Mumbai: Heavy rains that lashed Mumbai earlier this week not only affected the normal life for people, but it also had an impact on the wildlife, as over 80 displaced animals and birds were rescued from various parts of the city over the last few days.
At least 88 different species of animals, birds and reptiles were rescued from different parts of the city and its adjoining areas in three days, a forest official said.
Majority of the animals and birds were rescued from the suburban areas of the city, which share spaces with forests, and most of them were displaced due to incessant rainfall, he said.
Two wildlife ambulances, six rescue staff and 20 volunteers from the NGO Resqink Association for Wildlife Welfare (RAWW) rescued the animals and birds, the official said.
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A critically-injured golden jackal was rescued from the eastern suburb of Vikhroli. The animal was severely dehydrated and had sustained multiple wounds and fractures, he said.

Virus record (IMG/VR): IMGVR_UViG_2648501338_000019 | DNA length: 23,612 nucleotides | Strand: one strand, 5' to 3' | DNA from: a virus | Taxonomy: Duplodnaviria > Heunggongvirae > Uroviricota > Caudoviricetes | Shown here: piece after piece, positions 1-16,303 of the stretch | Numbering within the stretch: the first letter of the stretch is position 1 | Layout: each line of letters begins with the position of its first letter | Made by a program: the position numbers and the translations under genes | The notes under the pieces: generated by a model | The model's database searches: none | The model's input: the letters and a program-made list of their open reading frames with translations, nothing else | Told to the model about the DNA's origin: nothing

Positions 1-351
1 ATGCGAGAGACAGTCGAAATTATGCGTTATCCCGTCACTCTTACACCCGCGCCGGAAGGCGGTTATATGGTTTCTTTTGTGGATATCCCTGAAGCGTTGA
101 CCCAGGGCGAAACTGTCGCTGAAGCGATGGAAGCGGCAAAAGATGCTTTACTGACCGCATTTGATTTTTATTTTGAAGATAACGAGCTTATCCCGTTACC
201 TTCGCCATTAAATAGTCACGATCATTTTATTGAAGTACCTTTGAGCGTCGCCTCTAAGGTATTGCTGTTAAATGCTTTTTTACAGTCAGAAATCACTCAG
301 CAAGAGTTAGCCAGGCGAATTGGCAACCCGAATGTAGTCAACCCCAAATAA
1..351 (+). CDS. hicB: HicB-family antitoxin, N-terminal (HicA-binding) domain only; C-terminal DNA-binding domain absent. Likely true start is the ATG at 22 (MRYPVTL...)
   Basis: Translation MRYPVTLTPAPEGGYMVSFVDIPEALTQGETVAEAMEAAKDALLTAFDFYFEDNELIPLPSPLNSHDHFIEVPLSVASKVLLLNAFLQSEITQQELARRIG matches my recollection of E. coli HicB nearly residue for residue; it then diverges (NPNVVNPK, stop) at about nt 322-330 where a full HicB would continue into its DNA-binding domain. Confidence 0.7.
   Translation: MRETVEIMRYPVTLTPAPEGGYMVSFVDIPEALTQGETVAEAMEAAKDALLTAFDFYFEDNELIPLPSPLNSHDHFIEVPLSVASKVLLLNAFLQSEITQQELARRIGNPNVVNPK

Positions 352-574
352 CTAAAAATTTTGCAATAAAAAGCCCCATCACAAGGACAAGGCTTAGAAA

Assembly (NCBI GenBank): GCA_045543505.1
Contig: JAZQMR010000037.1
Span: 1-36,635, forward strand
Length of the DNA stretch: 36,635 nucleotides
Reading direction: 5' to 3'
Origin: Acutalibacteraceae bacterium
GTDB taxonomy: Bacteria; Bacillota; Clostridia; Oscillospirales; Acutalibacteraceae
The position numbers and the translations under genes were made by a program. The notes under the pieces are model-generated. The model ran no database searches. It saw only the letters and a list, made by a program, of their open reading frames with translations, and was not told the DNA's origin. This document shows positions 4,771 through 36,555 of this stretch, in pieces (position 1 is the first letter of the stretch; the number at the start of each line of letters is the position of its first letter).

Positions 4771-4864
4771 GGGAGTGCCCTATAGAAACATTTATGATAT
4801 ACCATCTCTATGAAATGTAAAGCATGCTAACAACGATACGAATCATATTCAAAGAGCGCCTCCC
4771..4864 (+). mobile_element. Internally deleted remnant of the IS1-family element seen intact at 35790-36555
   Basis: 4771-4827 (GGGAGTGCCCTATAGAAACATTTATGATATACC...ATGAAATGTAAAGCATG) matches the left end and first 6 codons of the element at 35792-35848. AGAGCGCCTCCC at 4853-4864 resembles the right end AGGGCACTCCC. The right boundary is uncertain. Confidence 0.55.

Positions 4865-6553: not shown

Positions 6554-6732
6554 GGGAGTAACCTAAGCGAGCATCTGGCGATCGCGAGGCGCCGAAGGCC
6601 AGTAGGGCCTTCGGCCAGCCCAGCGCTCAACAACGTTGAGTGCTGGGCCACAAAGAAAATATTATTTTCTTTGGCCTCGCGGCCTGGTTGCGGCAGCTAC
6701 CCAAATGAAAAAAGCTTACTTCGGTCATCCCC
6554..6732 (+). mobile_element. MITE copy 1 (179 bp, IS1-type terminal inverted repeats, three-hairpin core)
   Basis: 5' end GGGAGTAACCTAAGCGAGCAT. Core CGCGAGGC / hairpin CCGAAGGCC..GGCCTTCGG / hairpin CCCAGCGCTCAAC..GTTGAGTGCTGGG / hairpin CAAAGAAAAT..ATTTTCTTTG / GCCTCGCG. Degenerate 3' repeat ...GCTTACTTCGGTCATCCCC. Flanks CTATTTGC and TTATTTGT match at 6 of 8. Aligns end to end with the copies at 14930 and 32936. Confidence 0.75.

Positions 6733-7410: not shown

Similarly, two bonnet macaques were rescued from Mulund and Thane areas, where they had come in contact with live wires, and one of them died, while a sub-adult mongoose displaced due to heavy rains was found in Bhandup and was under observation, the official said.
As many as seven turtles were found in different parts of the city, as several water bodies were flooded due to rains and they were lost in the flood waters near drains and were rescued from residential societies and complexes, he said.
At least 30 birds, including black kites, parakeets, mynas, crows and pigeons, were also affected by rains and strong winds, and were being treated, while more than 35 snakes of different species were rescued from residential and commercial areas and were released into the wild after medical examination, the official said.
The displaced and distressed animals and birds were rescued, treated and rehabilitated in coordination with the forest department, he added.
It is an appeal to citizens to be vigilant and help such animals getting in touch with the nearest rescue teams, NGOs and the forest department, the official said.